With all that’s going on at home and abroad, it’s important to remember those who’ve served and especially those who made the ultimate sacrifice. They fought and died for our freedom.
I just wanted to highlight something that happened recently. A gentleman phoned my constituency office a few weeks ago asking to meet.
Philip and his wife, Karen, moved to North West Durham a couple of years ago and wanted to pay their respects to their nephew, Danny Simpson, who was killed in Afghanistan in 2009, age 20, with several of his comrades.
We met, just before 1100, near the cenotaph in Consett for Saturday’s Armistice Day. Philip laid a wreath in memory of Danny and the other lads who died that day.
On the wreath, the message simply read “the band of brothers.” On the reverse he listed the names Danny and the other lads lads who died that day from Danny’s Battalion.
I’m not ashamed to say I had to swallow hard to, just about, hold back a tear or two as he laid his wreath and then came back to stand next to me in silence.
He and Karen insisted on taking me for a coffee afterwards. They chatted about their nephew and some of the fundraising they’d done and still do for forces charities.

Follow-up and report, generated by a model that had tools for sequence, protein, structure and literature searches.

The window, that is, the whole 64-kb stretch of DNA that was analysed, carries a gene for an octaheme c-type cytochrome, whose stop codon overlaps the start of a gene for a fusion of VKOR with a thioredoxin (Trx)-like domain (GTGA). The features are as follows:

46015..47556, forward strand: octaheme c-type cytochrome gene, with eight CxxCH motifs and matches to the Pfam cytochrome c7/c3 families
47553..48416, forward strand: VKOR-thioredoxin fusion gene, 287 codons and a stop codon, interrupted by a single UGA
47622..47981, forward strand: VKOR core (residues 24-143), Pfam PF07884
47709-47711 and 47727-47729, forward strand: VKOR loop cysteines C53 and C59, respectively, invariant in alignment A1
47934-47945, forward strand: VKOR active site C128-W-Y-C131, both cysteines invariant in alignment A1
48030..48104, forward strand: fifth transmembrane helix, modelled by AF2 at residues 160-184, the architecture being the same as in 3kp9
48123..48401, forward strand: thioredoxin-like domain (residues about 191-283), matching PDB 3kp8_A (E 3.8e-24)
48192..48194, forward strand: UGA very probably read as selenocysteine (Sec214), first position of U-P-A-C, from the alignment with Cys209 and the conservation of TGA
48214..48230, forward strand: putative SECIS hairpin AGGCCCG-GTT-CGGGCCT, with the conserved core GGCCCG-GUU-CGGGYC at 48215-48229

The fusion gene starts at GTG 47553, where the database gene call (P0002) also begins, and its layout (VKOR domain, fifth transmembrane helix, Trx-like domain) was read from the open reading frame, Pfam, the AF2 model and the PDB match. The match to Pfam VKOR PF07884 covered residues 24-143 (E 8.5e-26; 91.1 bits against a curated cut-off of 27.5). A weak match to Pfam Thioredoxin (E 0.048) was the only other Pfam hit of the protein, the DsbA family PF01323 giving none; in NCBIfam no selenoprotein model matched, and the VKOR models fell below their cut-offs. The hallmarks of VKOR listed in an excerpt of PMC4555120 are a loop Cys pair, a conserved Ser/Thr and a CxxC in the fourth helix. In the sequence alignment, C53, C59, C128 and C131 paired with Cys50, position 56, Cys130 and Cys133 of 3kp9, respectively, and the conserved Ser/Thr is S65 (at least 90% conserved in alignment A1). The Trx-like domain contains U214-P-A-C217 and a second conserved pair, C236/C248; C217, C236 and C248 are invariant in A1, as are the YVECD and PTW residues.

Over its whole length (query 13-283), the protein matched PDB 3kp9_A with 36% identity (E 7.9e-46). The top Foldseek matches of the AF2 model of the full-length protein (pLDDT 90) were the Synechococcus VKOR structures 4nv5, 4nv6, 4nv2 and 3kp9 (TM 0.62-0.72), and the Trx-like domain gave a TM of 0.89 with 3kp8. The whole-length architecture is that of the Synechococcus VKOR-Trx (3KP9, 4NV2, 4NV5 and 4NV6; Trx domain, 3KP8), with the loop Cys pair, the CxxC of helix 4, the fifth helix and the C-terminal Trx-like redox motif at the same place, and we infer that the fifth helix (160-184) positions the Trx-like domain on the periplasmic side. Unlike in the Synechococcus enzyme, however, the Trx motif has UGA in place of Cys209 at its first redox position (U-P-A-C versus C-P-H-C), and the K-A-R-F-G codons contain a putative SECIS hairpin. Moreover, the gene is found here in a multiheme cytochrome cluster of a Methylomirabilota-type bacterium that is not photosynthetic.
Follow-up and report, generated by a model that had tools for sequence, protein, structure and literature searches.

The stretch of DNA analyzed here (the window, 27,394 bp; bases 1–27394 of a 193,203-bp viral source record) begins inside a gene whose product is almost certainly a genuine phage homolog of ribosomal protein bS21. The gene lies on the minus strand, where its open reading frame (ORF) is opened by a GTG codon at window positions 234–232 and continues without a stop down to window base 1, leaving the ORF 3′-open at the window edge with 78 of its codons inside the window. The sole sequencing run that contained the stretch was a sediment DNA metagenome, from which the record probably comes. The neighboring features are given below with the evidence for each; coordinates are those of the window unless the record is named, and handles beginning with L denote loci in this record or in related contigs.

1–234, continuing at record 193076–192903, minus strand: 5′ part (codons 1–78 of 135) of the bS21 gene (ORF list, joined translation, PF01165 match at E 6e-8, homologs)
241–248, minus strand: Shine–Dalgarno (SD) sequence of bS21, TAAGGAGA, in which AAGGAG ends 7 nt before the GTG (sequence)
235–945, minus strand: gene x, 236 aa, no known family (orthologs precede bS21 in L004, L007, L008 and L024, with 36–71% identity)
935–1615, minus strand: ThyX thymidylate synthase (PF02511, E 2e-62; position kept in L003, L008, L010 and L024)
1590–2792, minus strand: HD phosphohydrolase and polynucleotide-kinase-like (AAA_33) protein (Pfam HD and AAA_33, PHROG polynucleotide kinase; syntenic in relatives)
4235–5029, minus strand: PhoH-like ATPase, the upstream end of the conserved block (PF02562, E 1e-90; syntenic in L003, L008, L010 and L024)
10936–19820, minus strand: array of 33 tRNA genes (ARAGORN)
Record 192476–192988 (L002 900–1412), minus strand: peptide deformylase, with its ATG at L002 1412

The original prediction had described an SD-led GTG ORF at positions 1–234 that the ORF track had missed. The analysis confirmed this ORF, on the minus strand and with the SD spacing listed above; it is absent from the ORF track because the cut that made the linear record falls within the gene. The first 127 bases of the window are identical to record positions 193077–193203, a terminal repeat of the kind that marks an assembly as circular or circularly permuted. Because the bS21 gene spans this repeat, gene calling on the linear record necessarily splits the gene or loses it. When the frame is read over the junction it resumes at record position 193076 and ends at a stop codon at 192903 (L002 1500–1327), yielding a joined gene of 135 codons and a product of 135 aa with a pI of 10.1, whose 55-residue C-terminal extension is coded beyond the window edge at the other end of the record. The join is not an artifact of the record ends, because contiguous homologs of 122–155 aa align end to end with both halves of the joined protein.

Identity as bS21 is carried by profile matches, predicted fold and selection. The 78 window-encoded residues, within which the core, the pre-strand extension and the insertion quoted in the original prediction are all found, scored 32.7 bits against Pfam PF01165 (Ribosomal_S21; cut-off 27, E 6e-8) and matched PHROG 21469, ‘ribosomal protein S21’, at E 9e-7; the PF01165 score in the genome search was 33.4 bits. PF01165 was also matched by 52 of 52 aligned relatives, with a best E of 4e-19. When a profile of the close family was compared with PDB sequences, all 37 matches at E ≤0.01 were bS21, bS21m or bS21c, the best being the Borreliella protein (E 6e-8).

I mention this because I want to highlight that, behind every name, carved on every memorial, is a family, friends and loved ones.
Today’s turnout in Consett was amazing, as ever, and I’d like to thank the councillors who laid wreaths on my behalf at services I couldn’t attend: Patricia Jopling, aka Crook Conservative Councillors, Doug Oliver your Lanchester Conservative Councillor and Luke Holmes for stepping up in Willington. Over the last few days I’ve popped by to Stanhope, Wolsingham, Tow Law and Dipton myself and laid a wreath as your Member of Parliament.
The passage from Laurence Binyon’s poem is so poignant at this time:
They shall grow not old, as we that are left grow old: Age shall not weary them, nor the years condemn. At the going down of the sun and in the morning. We will remember them.